An increasing number of financial institutions face significant legal troubleand fines as a result of poor document management that went against regulations outlined by the Foreign Account Tax Compliance Act (FATCA).
According to iExpats, two-thirds of international banks are suffering the consequences of failing to comply with the global tax law, which requires that institutions register with the IRS and provide details regarding all U.S.taxpayers that have more than $49,000 in their account. However, as a result of ineffective management of client records, many of these banks are unable to identify and classify clients that need to be reported to the IRS. A spokesperson for the financial services software company Fenergo estimated that almost 80 percent of these institutions will need to reassess processes for storing and maintaining customer data.
This reassessment will require that banks have a better classification system for clients and easier access to supporting documentation. Furthermore, Finextra explained that as institutions acquire new clients, intelligence capture features will need to include FATCA-specific fields that automatically identify applicants that pose a potential liability.
Additionally, in order to maintain this compliance, document management systems must have advanced monitoring capabilities that can detect changes in a client’s financial situation that could alter their FATCA status. This will include regular, frequent reviews of client profiles to re-assess each individual’s classification. Effective monitoring of these documents entails acute awareness of expiration dates so that client information is always up-to-date. It is equally important that document management systems have sufficient storage capacity, as Finextra pointed out that FATCA rules include an increase in documentation. Fenergo explained the implications of recent FATCA violations to iExpats.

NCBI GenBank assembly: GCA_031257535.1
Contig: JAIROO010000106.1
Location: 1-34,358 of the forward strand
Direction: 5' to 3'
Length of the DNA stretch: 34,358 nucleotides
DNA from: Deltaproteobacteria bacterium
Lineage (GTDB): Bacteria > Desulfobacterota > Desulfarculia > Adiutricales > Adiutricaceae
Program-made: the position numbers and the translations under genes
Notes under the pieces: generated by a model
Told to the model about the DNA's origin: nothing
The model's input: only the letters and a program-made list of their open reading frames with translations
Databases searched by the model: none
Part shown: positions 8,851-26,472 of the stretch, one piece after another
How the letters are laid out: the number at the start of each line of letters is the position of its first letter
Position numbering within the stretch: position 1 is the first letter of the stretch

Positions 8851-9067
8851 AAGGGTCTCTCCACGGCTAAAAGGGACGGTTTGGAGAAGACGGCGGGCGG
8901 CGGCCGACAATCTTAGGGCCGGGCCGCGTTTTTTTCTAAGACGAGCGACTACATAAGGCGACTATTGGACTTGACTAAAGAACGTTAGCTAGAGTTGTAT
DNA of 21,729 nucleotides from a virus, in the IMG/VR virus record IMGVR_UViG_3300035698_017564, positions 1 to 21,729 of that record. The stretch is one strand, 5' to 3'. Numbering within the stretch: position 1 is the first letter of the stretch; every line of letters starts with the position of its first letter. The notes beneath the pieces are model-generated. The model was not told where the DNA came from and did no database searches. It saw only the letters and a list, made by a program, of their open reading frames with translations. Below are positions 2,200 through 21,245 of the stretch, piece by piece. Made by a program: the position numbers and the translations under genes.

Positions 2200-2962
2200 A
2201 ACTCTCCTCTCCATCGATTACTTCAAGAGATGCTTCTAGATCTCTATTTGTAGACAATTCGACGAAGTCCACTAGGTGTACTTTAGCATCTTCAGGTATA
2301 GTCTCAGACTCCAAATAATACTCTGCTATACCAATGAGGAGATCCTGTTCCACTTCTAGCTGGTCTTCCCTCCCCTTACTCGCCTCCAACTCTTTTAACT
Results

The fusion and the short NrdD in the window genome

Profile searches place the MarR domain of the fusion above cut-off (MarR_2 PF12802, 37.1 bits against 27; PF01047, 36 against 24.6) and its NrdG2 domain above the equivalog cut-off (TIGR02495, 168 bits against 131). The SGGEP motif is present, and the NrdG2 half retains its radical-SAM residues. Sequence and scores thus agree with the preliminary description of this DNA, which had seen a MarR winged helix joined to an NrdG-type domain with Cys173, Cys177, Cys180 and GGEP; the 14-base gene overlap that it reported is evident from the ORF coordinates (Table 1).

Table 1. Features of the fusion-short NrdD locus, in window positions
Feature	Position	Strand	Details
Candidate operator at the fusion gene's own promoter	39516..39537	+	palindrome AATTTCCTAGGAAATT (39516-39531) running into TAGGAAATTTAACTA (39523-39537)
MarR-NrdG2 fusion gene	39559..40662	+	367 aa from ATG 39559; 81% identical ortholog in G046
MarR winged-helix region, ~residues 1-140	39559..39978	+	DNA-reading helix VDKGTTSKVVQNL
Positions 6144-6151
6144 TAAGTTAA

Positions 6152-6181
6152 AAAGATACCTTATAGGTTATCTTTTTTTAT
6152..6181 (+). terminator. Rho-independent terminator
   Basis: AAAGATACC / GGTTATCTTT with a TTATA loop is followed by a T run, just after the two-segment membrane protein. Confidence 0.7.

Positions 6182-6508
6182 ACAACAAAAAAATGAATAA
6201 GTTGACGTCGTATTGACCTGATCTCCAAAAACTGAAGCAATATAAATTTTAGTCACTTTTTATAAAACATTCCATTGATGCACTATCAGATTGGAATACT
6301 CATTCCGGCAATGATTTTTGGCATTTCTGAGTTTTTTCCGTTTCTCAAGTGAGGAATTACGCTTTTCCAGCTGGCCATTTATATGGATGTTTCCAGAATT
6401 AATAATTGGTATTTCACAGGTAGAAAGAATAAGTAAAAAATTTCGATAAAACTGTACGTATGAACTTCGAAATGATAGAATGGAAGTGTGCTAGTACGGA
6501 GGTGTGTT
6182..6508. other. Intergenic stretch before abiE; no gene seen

“One issue that is coming through loud and clear is that those institutions which haven’t started their FATCA compliance process yet are going to struggle because they don’t yet know the size of their data challenge,” the firm stated.
Meeting the demands of FATCA rules is complex, and requires a heightened dependency on digital technologies in assisting with archiving and analyzing documentation. Finextra asserted that due to the high volume of documents collected by financial institutions, it may be beneficial to implement an automated system for entering and maintaining client data as well as reviewing these files on a regular basis. An electronic database provides an easily accessible, more searchable platform to ensure that client records are properly organized and information is consistently accurate, minimizing opportunity for violations.
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